Solving the mystery of Jim Thompson’s murder

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One of the oldest unsolved mysteries in Asia has been solved. The following is an account of how the mystery of Jim Thompson’s disappearance was solved and how the documentary film that tells the story was made.

On Easter Sunday in 1967, Jim Thompson went for an afternoon walk in the Cameron Highlands’ jungle-clad hills. The American businessman who became known as the “king of Thai silk” was on a vacation in Malaysia with friends at the Moonlight Cottage, a colonial-period villa in the old British hill station north of Kuala Lumpur.

Something happened during his walk. Thompson was never seen again. His disappearance has been a mystery for half a century. A huge search turned up nothing. No ransom or other note was found. The man left his medications behind when he left, which suggested foul play. Several books have been written about him, spawning an array of theories about his fate that ranged from tiger attack to a CIA plot.

A breakthrough in the case was made in 2013 by my Thai friend Xuwicha “Noi” Hiranpruek. He called and said, “I think I may have solved the mystery.” Noi recounted a discussion he had with a Singaporean friend Teo Pin, who told him the Communist Party of Malaya (CPM) had killed Thompson during his visit to the Cameron Highlands. This was a new theory. How did Teo Pin know this? It was a deathbed confession of an uncle, Teo Pok Hwa, who had been a senior CPM cadre for decades fighting against the British and, later, the Malaysians.

I met Teo Pin in Singapore. He was a pleasant, soft-spoken fellow, but was on guard, reticent to speak about Thompson’s demise to a stranger. I told Teo Pin his information could be very important in explaining Thompson’s death and asked for details. He said his uncle Teo Pok Hwa told him that when Thompson arrived in the Cameron Highlands he began asking to be put in contact with Chin Peng, the secretary general of the CPM, then the most wanted man in Malaysia.

Teo Pin said asking to contact Chin Peng aroused immediate suspicion in the Camerons, a longtime stronghold of the CPM with a pro-communist civilian population of ethnic Chinese and a jungle in which to hide. The Moonlight Cottage, where Thompson was a guest, had at one time even been a local headquarters of the CPM. Staff members were CPM sympathizers at the time he stayed there.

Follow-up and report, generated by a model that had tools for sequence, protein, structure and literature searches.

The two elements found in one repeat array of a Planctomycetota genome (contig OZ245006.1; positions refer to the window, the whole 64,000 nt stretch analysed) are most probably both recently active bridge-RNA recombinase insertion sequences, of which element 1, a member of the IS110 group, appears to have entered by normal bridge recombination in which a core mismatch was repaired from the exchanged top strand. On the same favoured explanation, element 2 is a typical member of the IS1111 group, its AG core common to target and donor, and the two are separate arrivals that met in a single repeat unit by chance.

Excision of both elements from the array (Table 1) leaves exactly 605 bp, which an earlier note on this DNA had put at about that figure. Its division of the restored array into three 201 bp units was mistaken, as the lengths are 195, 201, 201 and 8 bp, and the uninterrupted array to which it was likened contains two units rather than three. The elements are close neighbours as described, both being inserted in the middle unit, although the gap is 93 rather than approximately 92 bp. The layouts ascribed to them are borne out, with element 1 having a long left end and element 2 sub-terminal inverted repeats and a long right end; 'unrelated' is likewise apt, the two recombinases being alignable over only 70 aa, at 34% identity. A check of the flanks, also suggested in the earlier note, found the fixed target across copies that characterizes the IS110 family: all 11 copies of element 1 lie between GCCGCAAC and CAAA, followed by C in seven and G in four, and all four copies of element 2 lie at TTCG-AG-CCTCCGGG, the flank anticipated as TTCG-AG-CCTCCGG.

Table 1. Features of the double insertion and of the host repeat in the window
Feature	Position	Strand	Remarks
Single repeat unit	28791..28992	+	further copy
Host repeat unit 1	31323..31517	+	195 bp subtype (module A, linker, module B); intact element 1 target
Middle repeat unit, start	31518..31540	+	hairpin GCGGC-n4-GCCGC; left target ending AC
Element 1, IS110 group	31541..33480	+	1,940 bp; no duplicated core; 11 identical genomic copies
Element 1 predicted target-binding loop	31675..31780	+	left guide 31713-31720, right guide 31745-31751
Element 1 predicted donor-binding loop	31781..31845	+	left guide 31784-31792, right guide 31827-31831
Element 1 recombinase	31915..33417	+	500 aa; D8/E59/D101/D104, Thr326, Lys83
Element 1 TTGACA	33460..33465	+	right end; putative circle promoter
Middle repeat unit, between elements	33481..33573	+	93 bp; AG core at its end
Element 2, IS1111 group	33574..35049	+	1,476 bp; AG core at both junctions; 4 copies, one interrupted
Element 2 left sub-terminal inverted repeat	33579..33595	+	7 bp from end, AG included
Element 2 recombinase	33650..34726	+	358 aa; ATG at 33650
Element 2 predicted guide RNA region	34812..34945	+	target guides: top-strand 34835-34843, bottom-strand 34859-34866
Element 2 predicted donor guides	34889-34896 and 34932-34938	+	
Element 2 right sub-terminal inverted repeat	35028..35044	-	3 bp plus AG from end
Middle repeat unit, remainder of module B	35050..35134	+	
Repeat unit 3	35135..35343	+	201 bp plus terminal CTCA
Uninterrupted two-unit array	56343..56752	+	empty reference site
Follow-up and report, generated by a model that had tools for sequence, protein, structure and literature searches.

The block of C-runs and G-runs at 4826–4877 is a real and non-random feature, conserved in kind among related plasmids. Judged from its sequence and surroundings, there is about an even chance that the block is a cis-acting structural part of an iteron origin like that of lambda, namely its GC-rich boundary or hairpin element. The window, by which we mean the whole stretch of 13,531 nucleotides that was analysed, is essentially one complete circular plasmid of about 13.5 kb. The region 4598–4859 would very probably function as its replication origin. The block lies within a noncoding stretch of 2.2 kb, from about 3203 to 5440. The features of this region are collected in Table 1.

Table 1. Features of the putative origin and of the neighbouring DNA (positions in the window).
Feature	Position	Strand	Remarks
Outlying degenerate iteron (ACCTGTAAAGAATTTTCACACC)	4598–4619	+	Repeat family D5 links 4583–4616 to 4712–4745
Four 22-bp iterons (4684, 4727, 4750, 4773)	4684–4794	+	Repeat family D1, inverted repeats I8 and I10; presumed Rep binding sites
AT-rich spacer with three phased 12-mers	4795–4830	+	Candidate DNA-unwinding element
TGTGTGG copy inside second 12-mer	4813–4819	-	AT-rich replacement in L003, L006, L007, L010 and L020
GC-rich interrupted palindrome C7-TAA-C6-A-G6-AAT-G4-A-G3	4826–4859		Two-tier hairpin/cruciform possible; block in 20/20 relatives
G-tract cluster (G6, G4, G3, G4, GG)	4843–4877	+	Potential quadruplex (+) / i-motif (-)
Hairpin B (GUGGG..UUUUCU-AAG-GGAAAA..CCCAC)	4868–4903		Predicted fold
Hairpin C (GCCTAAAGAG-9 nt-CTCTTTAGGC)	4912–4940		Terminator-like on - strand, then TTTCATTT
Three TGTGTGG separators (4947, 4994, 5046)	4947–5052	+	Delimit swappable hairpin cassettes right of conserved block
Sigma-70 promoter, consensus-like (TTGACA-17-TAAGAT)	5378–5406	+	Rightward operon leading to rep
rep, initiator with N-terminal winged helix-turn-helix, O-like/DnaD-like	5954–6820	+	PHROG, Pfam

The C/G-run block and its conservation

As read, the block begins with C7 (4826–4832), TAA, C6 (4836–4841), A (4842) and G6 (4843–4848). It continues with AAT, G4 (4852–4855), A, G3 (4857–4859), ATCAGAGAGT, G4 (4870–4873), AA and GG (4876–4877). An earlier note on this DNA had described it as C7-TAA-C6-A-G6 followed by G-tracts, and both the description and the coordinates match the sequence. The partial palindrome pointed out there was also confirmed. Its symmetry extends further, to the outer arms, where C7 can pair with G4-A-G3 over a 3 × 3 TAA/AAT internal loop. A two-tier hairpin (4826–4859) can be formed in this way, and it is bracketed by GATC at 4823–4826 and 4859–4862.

Jim-holding-silk
Jim Thompson, an American who helped to invigorate Thai silk industry. He went for a walk in the Cameron Highlands in March 1967 and was never seen again. Photo: Provided by author.

The year 1967 was a bad time for an aging American with a background of gathering intelligence to seek out the most wanted man in Malaysia. The communist struggle was not over. A second “Emergency” began a year later and did not end until the Malay communists surrendered in 1989. Thompson was put under surveillance while the CPM checked his background. They learned that the American had been an intelligence officer during World War II. He was suspected of being a spy.

At the time, communication was difficult for the CPM. It lacked radios and relied on couriers to carry messages among disparate groups around Malaysia and their headquarters in Betong, Thailand, just over the border. Each CPM cell was pretty much on its own and handled security issues themselves.

A local decision was likely made to kill him. The decision was carried out and Thompson was killed during his Easter Day walk in 1967. The uncle even joked that if Thompson had been attacked by a tiger, there would have been bones. But the CPM made sure that no bones or other physical evidence was found.

I told Teo Pin his information needed corroboration. Was there anyone who could confirm Teo Pok Hwa’s story? He said no. His uncle abandoned his wife and five children to fight for the CPM and had been away for decades. When the uncle contacted Teo Pin he was destitute and in failing health. He had no friends to turn to, so reached out to family members who were anti-communist. I thanked him and said we would continue to look for confirmation.

So, who was Jim Thompson? Much more than a silk merchant, for starters. He was a graduate of Princeton University in New Jersey from a prominent Delaware family. More important, he had served with distinction as an officer in the Office of Strategic Services (OSS) in the Second World War.

Unlike some OSS colleagues who shifted to the CIA when it was founded in 1947, Thompson left government service and disagreed with US foreign policy after the war. He opposed the return of colonial powers like the French returning to their colonies in the region